During the early days, just after the discoveries at Nome, the port of St. Michael was the terminus and supply center for prospectors embarking on trips up the Yukon River or along the coastline of the Seward Peninsula. A portage to the upper Anvik River, one of the Yukon tributaries, greatly shortened the trip to the goldfields at Dawson and elsewhere on the upper Yukon by eliminating travel along several hundred miles of meanders on the lower Yukon River. Thus, except for a few itinerant prospectors and traders, the Marshall district was rather thinly settled and sparsely prospected.

In 1913, however, gold was discovered on Wilson Creek in the Marshall district (Harrington, 1918, p. 56). The usual rush followed. Additional placers were found on Willow Creek, and the first production was in 1914. Lode deposits were found in 1914, and a small shipment was made that same year (Harrington, 1918, p. 57). The quartz veins did not warrant extensive development; at any rate, lode production for the district is unrecorded.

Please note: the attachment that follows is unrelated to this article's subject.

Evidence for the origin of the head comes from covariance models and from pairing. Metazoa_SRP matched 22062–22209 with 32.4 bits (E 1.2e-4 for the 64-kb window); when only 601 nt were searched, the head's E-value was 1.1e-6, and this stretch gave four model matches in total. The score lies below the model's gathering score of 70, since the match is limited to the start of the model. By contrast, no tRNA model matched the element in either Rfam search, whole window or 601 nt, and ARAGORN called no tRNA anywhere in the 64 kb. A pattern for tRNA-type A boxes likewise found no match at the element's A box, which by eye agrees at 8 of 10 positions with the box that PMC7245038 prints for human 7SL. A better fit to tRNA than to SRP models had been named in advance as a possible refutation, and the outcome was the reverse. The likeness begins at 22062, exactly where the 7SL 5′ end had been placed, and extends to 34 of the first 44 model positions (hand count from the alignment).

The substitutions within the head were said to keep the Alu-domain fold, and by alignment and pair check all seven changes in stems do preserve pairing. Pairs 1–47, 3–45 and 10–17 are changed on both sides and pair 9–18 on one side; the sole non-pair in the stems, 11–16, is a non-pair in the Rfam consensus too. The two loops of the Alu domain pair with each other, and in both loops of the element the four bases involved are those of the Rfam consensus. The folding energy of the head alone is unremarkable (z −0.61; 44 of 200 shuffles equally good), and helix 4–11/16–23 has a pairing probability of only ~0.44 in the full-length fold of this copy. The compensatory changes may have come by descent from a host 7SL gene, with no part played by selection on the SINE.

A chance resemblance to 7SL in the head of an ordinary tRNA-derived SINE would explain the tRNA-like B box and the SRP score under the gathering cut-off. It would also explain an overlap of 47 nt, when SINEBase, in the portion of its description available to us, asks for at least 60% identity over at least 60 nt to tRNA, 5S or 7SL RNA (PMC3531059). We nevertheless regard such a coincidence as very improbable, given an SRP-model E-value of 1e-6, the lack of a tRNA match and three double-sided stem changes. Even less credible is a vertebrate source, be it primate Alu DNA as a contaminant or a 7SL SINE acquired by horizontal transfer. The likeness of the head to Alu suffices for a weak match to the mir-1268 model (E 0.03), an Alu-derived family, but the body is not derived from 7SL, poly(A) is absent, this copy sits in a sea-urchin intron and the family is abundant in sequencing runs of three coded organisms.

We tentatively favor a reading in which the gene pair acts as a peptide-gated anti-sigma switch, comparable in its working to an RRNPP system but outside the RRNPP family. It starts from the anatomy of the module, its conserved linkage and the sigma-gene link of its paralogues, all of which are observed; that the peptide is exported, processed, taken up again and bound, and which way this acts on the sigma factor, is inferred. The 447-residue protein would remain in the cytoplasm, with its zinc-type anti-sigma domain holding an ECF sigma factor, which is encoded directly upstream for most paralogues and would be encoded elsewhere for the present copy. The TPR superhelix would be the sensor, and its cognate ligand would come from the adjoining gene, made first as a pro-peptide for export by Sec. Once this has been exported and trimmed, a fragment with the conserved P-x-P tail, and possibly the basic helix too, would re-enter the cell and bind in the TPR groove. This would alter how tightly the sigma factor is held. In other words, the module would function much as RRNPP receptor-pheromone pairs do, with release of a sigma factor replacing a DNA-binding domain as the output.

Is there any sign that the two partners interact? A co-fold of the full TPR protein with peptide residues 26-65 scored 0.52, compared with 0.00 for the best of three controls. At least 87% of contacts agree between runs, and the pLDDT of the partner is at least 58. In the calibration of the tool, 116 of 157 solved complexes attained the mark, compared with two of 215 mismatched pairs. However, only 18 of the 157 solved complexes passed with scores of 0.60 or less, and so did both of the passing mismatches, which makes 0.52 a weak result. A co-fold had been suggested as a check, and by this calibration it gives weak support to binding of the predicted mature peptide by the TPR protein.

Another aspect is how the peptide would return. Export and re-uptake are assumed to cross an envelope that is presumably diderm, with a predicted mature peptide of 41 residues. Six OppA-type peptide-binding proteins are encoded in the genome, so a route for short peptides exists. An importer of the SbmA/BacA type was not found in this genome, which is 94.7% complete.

After the first few years of near-bonanza placer production, activity slackened, was rejuvenated briefly in the late 1930's, then declined after World War II. In 1957 there was only small-scale activity in the Marshall district. Total recorded gold production through 1957 was 113,200 ounces, all from placers. The district was idle in 1958 and 1959.